You’re leading the ICU round on your first day after handover. Your resident introduces the next patient …
“a 63yo gentleman who’s had an out of hospital cardiac arrest yesterday. The first rythmn was VF and the the ambos shocked him 3 times, performed CPR and gave him some adrenalin. He was down for 20 minutes, with no bystander CPR for about the first 3 minutes. He came here and got cooled and he’s just being warmed up now.”
Your registrar mutters to the nurse:
“This guy’s not going to do well. Watch for myoclonic activity and we’ll check his pupils and motor response tomorrow.”
Is your registrar correct? How and when will you prognosticate?
Careful! The answers are under here :o)
The registrar might be correct, but right now he’s at risk of succumbing to early pessimism and subjecting the patient to a self fulfilling prophecy through early withdrawl of therapy.
In the pre therapeutic mild hypothermia (TMH) era, the 2006 American Academy of Neurologyguidelines for neuroprognostication following cardiac arrest were held aloft as validated indications to withdraw therapy that was not going to lead to a meaningful patient centred outcome (Some would call this “futile therapy”, but there is a lot of controversy around this term and it might be best avoided). They include clinical tests performed at 72 hours after successful resuscitation from cardiac arrest, which meant patients, relatives and staff were not hanging about for days waiting to see if the person would wake up.
All that has changed since the introduction of TMH, following the Bernard and HACA trials in 2002. It was subsequently recognised that all of the trials that led to the generation of the 2006 AAN guidelines were performed prior to the introduction of TMH. However, it seems that these guidelines are still influencing descision processes, as shown by this recent paper in Critical Care Medicine, where clinicians were attempting to prognosticate while patients were still undergoing TMH and, in some cases, were still receiving neuromuscular blockade (the patients, not the clinicians). Work has since been done to try and validate the AAN guideline parameters for patients who recieve TMH.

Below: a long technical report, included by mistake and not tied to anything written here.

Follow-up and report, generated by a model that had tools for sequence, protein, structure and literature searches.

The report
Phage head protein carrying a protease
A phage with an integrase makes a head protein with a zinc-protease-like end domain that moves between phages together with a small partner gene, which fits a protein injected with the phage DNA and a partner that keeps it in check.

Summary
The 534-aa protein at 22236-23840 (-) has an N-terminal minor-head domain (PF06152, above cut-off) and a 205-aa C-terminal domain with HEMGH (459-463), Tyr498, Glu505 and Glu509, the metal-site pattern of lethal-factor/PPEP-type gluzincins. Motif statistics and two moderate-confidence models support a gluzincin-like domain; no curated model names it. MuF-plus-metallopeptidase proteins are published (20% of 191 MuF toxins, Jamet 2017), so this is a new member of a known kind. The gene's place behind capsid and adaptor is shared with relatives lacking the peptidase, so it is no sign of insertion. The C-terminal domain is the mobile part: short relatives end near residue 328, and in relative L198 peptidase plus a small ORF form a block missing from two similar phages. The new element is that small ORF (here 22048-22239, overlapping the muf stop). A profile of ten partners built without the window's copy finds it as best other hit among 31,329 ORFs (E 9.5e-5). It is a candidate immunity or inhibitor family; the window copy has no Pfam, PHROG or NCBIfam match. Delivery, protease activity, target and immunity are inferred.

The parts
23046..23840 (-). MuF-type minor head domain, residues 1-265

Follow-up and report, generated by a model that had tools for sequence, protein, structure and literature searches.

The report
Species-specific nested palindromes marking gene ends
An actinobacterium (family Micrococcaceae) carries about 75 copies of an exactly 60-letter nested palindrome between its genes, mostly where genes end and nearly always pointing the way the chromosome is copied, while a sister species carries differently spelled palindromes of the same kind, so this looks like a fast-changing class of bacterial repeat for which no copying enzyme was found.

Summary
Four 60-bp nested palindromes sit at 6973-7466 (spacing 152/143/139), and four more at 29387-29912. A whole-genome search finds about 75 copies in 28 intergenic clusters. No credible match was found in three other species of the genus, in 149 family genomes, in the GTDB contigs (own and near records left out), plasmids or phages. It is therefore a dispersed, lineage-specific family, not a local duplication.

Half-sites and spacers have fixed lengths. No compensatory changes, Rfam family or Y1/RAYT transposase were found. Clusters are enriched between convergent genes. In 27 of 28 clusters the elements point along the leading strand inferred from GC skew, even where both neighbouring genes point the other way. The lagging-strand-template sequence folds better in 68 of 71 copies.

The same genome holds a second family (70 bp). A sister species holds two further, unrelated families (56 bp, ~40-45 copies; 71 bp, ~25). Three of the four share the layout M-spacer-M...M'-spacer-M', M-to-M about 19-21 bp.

A review of the state of play for neuroprognostication post cardiac arrest in the TMH era was published in The Neurologist in September 2011 and it gives a concise outline of the evidence for and against the various modalities employed. Tables 1 and 2 on page 246 are particularly helpful. In summary, for a patient who has received TMH post successful resuscitation for cardiac arrest:
Beware of initial pessimism and being drawn into a self-fulfilling prophecy
Absent pupillary light response at 72 hours post rewarming strongly suggests a bad neurological recovery
An absent corneal reflex at 72 hours post rewarming also suggests a bad neurological recovery
A motor score worse than abnormal flexion is an unreliable predictor of a bad outcome, but withdrawl or better suggests potential for a good outcome
The occurence of myoclonic activity is also unreliable for predicting a bad outcome
Absent N20 SSEP cortical responses at 48 hours post rewarming suggest a bad neurological recovery, but there are one or two case reports of good recovery
An EEG showing a burst suppression pattern or status epileptiform activity suggests a bad outcome, including an EEG performed during hypothermia. However the survival and recovery figures are not uniformly 0 and the authors recommend that any epileptiform activity should be treated aggressively
Neuron specific enolase may be useful, but as yet there are no clear recommendations on thresholds to use (abolute level or rate of rise) or when the test is best performed (somewhere between 24 and 72 hours maybe)
Imaging techniques are being explored and MRI scores using Diffusion Weighted Imaging (DWI) and Apparent Diffusion Coefficient (ADC) may prove useful, but have not yet been validated.
There is also an ongoing debate about how soon reliable prognostication performed. There are arguments for early (about 72 hours) and delayed (5 – 8 days, or maybe more) and you can watch the S.I.N. debate on this topic from last year, where Nhi Nguyen pitted Nepean Hospital intensivists Arvind Rajamani against Ian Seppelt on just this issue here.
Treatment of Comatose Survivors of Out-of-Hospital Cardiac Arrest with Induced Hypothermia. Stephen A. Bernard, M.B., B.S., Timothy W. Gray, M.B., B.S., Michael D. Buist, M.B., B.S., Bruce M. Jones, M.B., B.S., William Silvester, M.B., B.S., Geoff Gutteridge, M.B., B.S., and Karen Smith, B.Sc. N Engl J Med 2002; 346:557-563February 21, 2002. Link to article.
Mild Therapeutic Hypothermia to Improve the Neurologic Outcome after Cardiac Arrest. The Hypothermia after Cardiac Arrest Study Group. N Engl J Med 2002; 346:549-556February 21, 2002. Link to article.
Timing of neuroprognostication in postcardiac arrest therapeutic hypothermia. Perman, Sarah M. MD, MS; Kirkpatrick, James N. MD, et al. Critical Care Medicine: March 2012 – Volume 40 – Issue 3 – p 719–724. Link to article.
Neurologic Prognosis in Cardiac Arrest Patients Treated With Therapeutic Hypothermia. Nicholas A. Blondin, MD and David M. Greer, MD, MA, FCCP. The Neurologist 2011;17:241–248. Link to article.